Archive for December, 2009

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theodore rex

December 23, 2009

i’ve briefly touched before on my ideas of imperfect heros and striving towards something better. well, this morning i was reading an interesting post on TR over at EofAW and it brought my mind around to that again. The whole post is worth reading, but here’s the clinch, the final paragraph:

With such an established trinity, what need for a fourth figure? If we can see elements of the godly in each of Washington, Jefferson, and Lincoln, what can we do with the rather thoroughly earthly Roosevelt? But perhaps that is the point. Alongside gods humanity also has a place, and a man who did so much to make daily life in America a little better, and to create the expectation that daily life in America must be better, belongs there.

although when i play the Favorite President game i usually choose Grover Cleveland, TR runs a close second. it’s fun to be glib about him and point out that he was basically the most bad ass president our country has ever seen (sorry, george), but that can also obscure his actual accomplishments. he wasn’t perfect–far from it–but he was a man who carved his own way through life, a progressive republican who broke up trusts and pushed for a variety of social improvements. a man who eventually split with the republicans and created his own Bull Moose Party (best name for a political party EVER, btw). TR was an aristocrat who fought for the common man, an avid hunter who created the National Park Service.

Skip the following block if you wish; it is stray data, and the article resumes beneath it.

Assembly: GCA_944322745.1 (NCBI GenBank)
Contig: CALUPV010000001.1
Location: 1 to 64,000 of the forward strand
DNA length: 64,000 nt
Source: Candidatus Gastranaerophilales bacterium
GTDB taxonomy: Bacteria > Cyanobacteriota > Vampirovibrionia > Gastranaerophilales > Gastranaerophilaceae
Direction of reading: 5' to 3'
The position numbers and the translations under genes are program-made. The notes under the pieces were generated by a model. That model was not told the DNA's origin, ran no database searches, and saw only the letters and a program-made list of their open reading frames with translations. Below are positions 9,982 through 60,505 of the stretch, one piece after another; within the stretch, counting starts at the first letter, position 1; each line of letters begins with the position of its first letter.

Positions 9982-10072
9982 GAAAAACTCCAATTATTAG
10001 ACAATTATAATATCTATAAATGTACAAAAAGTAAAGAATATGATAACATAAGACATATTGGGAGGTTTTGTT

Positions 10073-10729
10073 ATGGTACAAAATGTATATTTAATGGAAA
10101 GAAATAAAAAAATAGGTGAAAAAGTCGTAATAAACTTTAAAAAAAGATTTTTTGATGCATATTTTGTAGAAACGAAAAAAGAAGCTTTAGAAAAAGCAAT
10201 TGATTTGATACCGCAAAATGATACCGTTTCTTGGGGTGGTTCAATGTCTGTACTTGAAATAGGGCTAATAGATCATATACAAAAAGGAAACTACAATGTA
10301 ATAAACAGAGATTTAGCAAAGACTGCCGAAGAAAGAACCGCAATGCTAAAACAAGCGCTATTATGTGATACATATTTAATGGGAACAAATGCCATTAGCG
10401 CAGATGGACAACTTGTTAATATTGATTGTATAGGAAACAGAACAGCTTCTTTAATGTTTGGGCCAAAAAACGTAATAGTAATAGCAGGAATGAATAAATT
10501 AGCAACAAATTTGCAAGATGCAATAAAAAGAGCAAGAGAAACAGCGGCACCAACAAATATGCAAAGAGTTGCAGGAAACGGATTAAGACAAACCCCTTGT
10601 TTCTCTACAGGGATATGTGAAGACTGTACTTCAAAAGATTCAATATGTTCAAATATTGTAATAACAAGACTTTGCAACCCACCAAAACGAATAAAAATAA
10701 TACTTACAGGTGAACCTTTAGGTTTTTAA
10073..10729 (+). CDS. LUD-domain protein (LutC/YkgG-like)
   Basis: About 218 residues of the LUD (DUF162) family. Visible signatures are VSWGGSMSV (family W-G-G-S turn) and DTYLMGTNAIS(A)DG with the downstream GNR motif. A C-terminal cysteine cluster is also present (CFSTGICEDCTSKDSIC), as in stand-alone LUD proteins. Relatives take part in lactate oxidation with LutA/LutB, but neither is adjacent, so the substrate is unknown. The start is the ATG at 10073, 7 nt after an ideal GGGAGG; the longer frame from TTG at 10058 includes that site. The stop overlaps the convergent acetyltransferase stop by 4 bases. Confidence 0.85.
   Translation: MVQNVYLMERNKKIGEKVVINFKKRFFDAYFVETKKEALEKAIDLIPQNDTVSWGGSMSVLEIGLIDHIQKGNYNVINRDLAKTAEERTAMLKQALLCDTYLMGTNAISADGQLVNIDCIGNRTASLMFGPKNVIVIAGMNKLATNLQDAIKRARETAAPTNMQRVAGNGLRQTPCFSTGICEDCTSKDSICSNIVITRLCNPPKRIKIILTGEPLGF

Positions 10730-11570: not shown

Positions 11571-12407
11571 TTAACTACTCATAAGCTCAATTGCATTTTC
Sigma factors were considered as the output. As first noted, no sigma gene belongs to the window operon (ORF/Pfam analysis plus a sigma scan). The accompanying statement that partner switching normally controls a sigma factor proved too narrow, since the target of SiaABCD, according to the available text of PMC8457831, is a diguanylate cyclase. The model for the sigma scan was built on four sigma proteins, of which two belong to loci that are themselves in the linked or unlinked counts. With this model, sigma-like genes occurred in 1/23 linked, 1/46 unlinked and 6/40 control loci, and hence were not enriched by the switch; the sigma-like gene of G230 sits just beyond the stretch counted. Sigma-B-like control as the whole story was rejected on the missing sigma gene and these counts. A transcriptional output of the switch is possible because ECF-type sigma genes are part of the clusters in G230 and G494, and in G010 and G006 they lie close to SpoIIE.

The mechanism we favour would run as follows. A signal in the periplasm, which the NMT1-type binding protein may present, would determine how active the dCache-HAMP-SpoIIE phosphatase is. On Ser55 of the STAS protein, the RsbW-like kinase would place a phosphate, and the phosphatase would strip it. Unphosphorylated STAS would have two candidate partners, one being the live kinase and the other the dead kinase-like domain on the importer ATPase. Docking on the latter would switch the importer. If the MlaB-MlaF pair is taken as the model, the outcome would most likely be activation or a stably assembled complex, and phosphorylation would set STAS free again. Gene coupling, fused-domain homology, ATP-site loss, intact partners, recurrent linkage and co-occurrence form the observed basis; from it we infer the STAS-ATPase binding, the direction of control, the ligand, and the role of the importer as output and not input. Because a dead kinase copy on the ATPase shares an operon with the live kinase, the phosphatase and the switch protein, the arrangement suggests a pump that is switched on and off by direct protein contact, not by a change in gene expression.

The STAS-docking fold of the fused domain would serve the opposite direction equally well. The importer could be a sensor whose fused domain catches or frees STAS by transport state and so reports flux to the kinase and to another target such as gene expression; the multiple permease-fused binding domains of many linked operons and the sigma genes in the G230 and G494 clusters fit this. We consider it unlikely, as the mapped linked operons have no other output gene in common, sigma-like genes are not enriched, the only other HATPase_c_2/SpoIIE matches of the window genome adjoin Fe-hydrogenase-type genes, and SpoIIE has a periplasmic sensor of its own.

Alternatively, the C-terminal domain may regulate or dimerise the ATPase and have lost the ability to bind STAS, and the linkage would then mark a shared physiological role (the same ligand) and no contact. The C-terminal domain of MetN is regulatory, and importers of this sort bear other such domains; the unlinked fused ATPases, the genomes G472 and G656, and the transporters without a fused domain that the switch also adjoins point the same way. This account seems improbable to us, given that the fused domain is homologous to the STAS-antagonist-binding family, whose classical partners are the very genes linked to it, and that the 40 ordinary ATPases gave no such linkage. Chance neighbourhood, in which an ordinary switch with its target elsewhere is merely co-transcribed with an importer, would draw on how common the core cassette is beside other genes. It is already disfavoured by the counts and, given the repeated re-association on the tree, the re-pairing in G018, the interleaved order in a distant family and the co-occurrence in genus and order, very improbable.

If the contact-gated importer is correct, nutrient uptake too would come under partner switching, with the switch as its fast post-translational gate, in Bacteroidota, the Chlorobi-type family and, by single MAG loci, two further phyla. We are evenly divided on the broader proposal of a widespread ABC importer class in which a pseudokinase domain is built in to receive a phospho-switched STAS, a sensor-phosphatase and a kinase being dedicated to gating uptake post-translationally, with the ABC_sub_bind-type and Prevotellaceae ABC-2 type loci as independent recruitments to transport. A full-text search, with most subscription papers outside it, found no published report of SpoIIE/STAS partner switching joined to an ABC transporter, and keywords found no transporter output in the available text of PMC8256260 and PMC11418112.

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i have thoughts

December 20, 2009

but i can’t yet sort them out in my head. in the meantime, go read this interview with david simon.

DS: Whereas a guy who accepts the economic cards that have been dealt to him by postindustrial America and just sits there on his porch and says, “Well, I’m not necessary…” In a way, that’s far more brutal than addiction and death, but we don’t get that. From our perch, from our middle-class or upper-middle-class perch, from the policymakers’ perch, things like “Just Say No” sound relevant.

VM: Yeah, that was a very effective campaign.
DS: It draws on the morality that we can easily acquire and utilize—

VM: And it also assumes that everyone has the same set of choices.
DS: Right. Like, “What the fuck was I supposed to say yes to, motherfucker?”

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adventures in vocabulary

December 16, 2009

i just learned a new word, weltschmerz:

Pronunciation: \ˈvelt-ˌshmerts\

Function: noun

Etymology: German, from Welt world + Schmerz pain

Date: 1864

1 : mental depression or apathy caused by comparison of the actual state of the world with an ideal state
2 : a mood of sentimental sadness

more on the background of the word: